[PETITIONER]: No, sir.

[PETITIONER'S ATTORNEY]: So, if you wanted to get one, what would you do?

[PETITIONER]: I wouldn't know what to do. Like I don't live in an area where guns are heavy around. I don't know anybody that possesses any firearms.

[PETITIONER'S ATTORNEY]: Do you know the difference between a revolver and an automatic?

[PETITIONER]: I know they are handguns.

[PETITIONER'S ATTORNEY]: Is there any difference between the two?

[PETITIONER]: I believe they are both handguns.

The following transpired during Petitioner's cross-examination:

[STATE'S ATTORNEY]: You told the ladies and gentlemen of the jury that you do not possess a gun?

[PETITIONER]: No, ma'am.

[STATE'S ATTORNEY]: You never held a gun? [PETITIONER]: No, ma'am.

[STATE'S ATTORNEY]: You never fired a gun? [PETITIONER]: That's correct.

[STATE'S ATTORNEY]: But you do have an interest in guns, don't you?

[PETITIONER]: Do what?

[STATE'S ATTORNEY]: But you do have an interest in guns, don't you?

[PETITIONER]: Like what do you mean by interest?

[STATE'S ATTORNEY]: You are interested in them. [PETITIONER]: No, ma'am.

[STATE'S ATTORNEY]: Not at all?

[PETITIONER]: I don't have an interest in guns.

[STATE'S ATTORNEY]: Did you ever write about guns?

[PETITIONER]: I have wrote raps, like freestyles about them. Like not about them, but had been incorporated.

[STATE'S ATTORNEY]: Your Honor, may counsel approach?



[STATE'S ATTORNEY]: Again, giving notice of where I

intend to go with Mr. Hannah, he has said that he has no interest in guns. I intend to show him a copy or the original of his composition book which was recovered from his bedroom which has rap lyrics of driveby shootings and people going pop, pop, pop and the burners, which I believe is another word for gun, is under the seat and finishing off with artwork of a semi-automatic nine millimeter.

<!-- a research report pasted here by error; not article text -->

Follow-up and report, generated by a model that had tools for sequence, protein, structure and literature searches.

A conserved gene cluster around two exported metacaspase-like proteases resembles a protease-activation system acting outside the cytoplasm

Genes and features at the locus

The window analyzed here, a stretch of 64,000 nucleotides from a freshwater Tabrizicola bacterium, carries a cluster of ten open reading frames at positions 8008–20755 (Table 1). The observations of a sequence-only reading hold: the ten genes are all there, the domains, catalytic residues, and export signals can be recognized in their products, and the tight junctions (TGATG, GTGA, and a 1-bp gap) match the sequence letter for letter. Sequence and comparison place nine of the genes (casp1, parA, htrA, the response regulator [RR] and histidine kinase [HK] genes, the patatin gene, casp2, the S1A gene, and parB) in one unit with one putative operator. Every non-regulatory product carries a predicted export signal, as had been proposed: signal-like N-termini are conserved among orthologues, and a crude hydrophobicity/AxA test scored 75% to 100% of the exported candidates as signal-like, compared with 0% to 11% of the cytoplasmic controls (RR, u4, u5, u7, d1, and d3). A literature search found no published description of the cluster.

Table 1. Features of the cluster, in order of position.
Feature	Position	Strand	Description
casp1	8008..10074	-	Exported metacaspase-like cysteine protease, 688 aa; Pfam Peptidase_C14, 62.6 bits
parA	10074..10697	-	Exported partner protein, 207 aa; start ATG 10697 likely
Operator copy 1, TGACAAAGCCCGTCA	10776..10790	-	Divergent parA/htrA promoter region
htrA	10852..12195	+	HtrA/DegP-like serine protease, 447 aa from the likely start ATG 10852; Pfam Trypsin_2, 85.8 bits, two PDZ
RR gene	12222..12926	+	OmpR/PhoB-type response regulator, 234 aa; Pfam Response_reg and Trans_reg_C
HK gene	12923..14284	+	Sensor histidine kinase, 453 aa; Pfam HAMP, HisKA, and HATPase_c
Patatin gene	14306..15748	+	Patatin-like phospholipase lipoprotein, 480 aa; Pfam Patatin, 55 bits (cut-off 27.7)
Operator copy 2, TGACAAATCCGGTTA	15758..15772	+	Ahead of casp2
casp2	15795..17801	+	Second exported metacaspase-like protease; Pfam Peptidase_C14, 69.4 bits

[PETITIONER'S ATTORNEY]: I think if he ever possessed a gun or was seen in possession of a gun it is relevant. How old are these? What is the date?

[STATE'S ATTORNEY]: His homework in the composition book is dated 2005. However, this was recovered from the top of his bar area in his bedroom. So, it is not as though it was found in the far depths of a box in the closet.

[PETITIONER'S ATTORNEY]: I think it is a balancing test, Your Honor, and I would say that this is not relevant to the issues in this case. The fact that he writes music - some you ever [sic] our greatest composers write music that has certain aspects to it. That doesn't mean that they believe in homicides or anything of that sort. I don't think there is any probative value to this. She asked if he is interested in guns and he says no. So, the fact that he wrote a rap thing two years ago -

[STATE'S ATTORNEY]: The raps aren't dated. THE COURT: Plus there is a drawing. Overruled.


[STATE'S ATTORNEY]: Mr. Hannah, you told the ladies and gentlemen of the jury that you do not have an ...